A booking form will soon be available online, on the Symposium website, with further details of registration and payment.
Jaś Elsner, Ine Jacobs, Julia Smith
The SPBS is pleased to announce reduced membership rates for individuals who live, work, and permanently reside in 149 countries which are currently in receipt of support from the Office of Development Assistance.
The reduced membership rates are:
£10.00 per year for full membership
£5.00 per year for student membership
New members will receive the full benefits of SPBS membership and a PDF copy of the annual SPBS Bulletin.
For further information on how to apply, please see our membership page.
The SPBS is pleased to announce that it is able to offer grants of up to £400 to support the attendance of UK postgraduate students and early career scholars at the International Congress of Byzantine Studies, Venice-Padua, 22-27 August 2022. The funding can be used to cover registration fees, as well as accommodation and travel costs.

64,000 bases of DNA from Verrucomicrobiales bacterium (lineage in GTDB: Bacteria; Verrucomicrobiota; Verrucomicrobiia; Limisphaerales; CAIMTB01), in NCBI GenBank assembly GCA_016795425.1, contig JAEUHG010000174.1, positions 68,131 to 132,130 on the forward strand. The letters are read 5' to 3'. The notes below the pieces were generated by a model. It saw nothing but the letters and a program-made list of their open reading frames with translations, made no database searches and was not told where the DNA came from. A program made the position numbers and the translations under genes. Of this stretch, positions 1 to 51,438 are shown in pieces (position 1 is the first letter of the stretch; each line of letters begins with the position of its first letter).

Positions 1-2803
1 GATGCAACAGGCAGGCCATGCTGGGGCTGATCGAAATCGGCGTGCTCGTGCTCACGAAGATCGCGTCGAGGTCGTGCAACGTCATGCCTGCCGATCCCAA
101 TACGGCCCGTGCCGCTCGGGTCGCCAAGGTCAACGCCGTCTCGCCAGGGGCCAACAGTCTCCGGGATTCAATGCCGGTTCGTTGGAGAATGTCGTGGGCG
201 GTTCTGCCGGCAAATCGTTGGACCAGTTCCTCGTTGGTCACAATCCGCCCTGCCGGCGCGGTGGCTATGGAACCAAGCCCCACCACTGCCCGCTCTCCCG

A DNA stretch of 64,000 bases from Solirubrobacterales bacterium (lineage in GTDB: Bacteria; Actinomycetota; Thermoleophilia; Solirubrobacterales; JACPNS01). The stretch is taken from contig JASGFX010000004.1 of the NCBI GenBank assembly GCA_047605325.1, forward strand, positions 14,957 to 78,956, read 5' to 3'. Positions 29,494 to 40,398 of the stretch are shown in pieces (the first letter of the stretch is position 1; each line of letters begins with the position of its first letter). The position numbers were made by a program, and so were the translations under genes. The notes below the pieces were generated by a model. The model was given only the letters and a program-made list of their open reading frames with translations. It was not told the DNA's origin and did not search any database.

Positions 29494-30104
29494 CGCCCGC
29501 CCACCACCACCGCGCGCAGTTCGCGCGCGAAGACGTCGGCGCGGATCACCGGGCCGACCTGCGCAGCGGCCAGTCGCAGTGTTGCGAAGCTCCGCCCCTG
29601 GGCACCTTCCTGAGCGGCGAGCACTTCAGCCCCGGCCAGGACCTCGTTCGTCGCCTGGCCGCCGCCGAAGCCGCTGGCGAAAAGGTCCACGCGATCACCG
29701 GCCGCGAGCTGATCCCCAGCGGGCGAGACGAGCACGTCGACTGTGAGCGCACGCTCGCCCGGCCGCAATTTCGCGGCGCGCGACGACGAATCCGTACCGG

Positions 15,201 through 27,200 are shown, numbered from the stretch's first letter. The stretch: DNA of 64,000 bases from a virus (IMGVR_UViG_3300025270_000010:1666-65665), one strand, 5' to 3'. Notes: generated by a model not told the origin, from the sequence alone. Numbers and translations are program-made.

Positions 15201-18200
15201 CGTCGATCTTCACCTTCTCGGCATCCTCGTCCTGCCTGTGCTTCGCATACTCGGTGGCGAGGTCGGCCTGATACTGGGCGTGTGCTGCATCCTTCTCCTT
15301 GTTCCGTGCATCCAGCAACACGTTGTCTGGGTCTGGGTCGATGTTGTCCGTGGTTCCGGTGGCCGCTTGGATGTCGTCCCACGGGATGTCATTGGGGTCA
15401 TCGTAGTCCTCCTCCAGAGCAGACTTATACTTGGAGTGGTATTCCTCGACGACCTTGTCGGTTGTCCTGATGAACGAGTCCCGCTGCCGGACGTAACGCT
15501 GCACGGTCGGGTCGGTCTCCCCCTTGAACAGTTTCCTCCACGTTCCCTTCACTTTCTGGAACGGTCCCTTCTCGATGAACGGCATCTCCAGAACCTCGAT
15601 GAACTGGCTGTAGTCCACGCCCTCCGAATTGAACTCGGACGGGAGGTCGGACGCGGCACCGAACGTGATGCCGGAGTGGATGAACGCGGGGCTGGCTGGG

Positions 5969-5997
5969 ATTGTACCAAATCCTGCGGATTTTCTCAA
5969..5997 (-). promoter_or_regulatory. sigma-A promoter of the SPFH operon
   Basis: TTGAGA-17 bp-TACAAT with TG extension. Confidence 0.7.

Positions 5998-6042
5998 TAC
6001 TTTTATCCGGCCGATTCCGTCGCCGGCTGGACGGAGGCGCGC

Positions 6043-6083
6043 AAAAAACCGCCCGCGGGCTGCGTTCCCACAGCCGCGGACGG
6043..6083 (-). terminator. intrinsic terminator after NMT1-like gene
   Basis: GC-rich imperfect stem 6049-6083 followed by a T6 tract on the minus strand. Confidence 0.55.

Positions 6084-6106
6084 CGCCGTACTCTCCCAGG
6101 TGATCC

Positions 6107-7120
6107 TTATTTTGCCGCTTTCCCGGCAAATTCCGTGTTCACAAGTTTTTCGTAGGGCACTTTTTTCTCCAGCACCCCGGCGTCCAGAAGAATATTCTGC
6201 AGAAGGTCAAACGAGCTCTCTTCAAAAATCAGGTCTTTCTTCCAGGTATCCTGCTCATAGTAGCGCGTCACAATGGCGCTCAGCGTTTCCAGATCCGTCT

Applicants are expected to be members of the SPBS at the time of application but are eligible for a reduced student membership rate.
Priority will be given to applicants who are currently unfunded and to those who are offering a communication.
The deadline for applications is Monday 27th June at 17:00 (UK).
For full details and application form can be found here.
Court Room, Senate House, Malet Street, WC1E 7HU
7 June 2022, 18:00
The SPBS, in association with the Hellenic Society and the Roman Society is pleased to announce a public lecture by Professor Judith Herrin, ‘Rethinking Late Antiquity as Early Christendom’.
If you are unable to attend the lecture in person, it will be streamed via Zoom. Please email Dr Fiona Haarer for joining instructions.
Please note the ‘Material Religion in Byzantium and Beyond’, the unfortunately postponed 54th Spring Symposium of Byzantine Studies, will now take place on 17-19 March 2023. We encourage you to mark the date in your diary!
The Council for At Risk Academics (CARA) is a UK-based organisation which offers academic, financial, and practical support, to academics and their families who are in immediate danger, forced into exile, or who continue to work in their home countries despite serious risk.